This post may contain affiliate links that won’t change your price but will share some commission.

How to Smoke Boston Butt, aka Pork Shoulder.

A good smoked Boston Butt is incredibly tender, juicy, and flavorful. Smoke it for hours on low for pork that is fall-off-the-bone tender!

Big Daddy’s on the smoker! He’s a great cook, he’s even better on the grill. “Paula, it’s not a grill…. It’s a smoker!” Ok, it’s a smoker and we smoke Boston Butts, which is actually not a butt, but a shoulder…. Grilling/Smoking… shoulder/butt… to-may-to, to-mah-to. 😉

Smoked pork shoulder


My smoker holds more meat than I want to buy! It holds about 12 slabs of spare ribs, or about 20 baby back ribs, or 18 Boston Butts or 25 chickens!! It’s approximately 2 and 1/2 feet by 5 feet.

meat smoker

The firebox is the opening at the bottom of this picture. The cooking surface is punched steel. It is built on an 8×12 boat trailer frame making it easily transportable.

smoker fire box

I start with about 5 lbs of charcoal, shown here, just coming up to temperature. I control the burn rate by adjusting the smoke stack openings and opening the stacks to various degrees of the firebox door. Next, I feed charcoal as need to maintain the desired temperature.

injecting a Boston butt with seasonings.

I inject the shoulders with apple juice for extra flavor and moisture.

smoking Boston butt on a smoker

I rub the shoulders with seasonings that have brown sugar, paprika, salt, black pepper, garlic powder, and/or cumin. The rub adds robust flavor and creates a nice dark bark, or crust, on the outside of the meat.

pecan wood chips for smoking pork

I use all kinds of wood for smoke flavor. I chose Hickory chunks in this application because of the extended cooking time required. Be sure to soak the chunks in water, so the chunks smolder slowly.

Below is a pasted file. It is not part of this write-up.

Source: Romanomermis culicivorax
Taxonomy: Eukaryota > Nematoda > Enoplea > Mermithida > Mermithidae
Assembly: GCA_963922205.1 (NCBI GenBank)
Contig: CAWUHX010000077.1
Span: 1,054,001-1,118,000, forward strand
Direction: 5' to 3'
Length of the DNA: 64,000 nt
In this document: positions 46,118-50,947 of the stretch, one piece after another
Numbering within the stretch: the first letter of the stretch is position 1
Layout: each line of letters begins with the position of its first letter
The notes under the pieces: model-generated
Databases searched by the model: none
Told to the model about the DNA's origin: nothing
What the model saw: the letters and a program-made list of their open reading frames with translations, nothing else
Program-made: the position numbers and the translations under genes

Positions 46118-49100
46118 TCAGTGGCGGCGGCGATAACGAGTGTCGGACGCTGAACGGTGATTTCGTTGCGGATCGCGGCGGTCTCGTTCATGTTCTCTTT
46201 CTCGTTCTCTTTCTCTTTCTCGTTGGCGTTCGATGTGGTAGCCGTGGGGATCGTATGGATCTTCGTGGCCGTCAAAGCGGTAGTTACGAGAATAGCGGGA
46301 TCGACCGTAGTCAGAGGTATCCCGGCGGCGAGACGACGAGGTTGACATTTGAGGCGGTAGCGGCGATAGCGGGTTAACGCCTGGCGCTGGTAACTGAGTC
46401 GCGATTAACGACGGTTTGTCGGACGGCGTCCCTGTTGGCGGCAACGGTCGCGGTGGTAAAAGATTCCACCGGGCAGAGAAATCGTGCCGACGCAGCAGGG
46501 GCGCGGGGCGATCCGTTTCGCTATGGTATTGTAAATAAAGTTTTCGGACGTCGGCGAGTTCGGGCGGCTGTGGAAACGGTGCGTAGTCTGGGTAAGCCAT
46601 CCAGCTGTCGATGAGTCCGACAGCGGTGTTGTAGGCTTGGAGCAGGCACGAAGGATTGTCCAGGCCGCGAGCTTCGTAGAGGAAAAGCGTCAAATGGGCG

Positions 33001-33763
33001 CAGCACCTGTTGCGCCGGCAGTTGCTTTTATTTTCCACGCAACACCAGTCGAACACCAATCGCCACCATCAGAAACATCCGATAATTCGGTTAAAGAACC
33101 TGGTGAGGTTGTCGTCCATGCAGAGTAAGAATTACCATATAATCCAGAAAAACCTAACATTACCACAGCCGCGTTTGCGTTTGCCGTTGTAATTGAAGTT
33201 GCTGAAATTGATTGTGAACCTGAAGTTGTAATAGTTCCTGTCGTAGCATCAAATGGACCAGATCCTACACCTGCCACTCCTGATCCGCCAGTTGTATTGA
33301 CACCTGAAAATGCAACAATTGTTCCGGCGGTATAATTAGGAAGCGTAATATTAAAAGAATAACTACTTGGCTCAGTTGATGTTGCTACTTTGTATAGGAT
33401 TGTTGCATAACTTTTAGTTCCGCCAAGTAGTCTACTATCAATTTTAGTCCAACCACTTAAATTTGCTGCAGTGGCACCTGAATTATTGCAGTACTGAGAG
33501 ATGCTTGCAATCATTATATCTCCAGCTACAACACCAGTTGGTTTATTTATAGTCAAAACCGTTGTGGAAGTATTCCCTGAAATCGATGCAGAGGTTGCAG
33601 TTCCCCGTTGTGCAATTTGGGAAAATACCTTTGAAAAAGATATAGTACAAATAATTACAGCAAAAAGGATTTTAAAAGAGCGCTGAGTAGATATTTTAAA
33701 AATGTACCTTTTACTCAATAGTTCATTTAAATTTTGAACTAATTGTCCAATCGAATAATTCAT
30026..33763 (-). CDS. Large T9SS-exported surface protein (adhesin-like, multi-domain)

1. Fruit woods like apple and cherry are good.
  2. Oak is another alternative and will have a slightly meatier flavor.
  3. Pecan wood gives a mild flavor without being like a campfire.

Add the water-soaked chunks to the coals in the firebox to create smoke. Smoke adds another layer of flavor to the Butts.

adding wood chips to a smoker fire box.

Monitor the coals to maintain a constant temperature. Continue adding wood chunks as needed to maintain smoke level.

pecan wood chips on top of charcoal.

temperature gauge for smoked pork butt

I cook between 225-250°F for 5 to 8 hours for Boston Butts depending on the size.

two pieces of smoked Boston butt


Once the meat reaches an internal temperature of 180 F to 190 F, take it off the grill. Keep in mind that the pork shoulder will continue to cook internally by 10 degrees even after it’s been removed from the grill. For pulled pork, the ideal temperature is 205°F. The high internal temperature allows collagen to break down, making the meat very tender. You can serve the meat once it reaches 165 F, but it won’t be tender enough to pull apart properly.

Smoked Pork shoulders

BOSTON BUTT (aka pork shoulder)

Prep the Meat:
Set the meat out before you begin preparing the smoker so they’ll come to room temperature. Then inject them in order to maintain moisture. I use apple juice. Then rub the meat with a dry rub or spices. I use this recipe for BBQ seasoning rub, there are many rubs on the market to suit your taste.

Start Smoker:
Begin soaking wood in water, I use Hickory chunks. Light the coals, when they’re smoldering add the water-soaked wood chunks. Adjust the grill opening to bring temperature up to 225 to 250°F. It may take 45 to 60 minutes to reach this temperature.

When it comes to temperature, place the Boston Butts on the grill grate fat side up and be patient. Maintain a temp of  250°F for about 5  hours or until it reaches an internal temp of 190 degrees.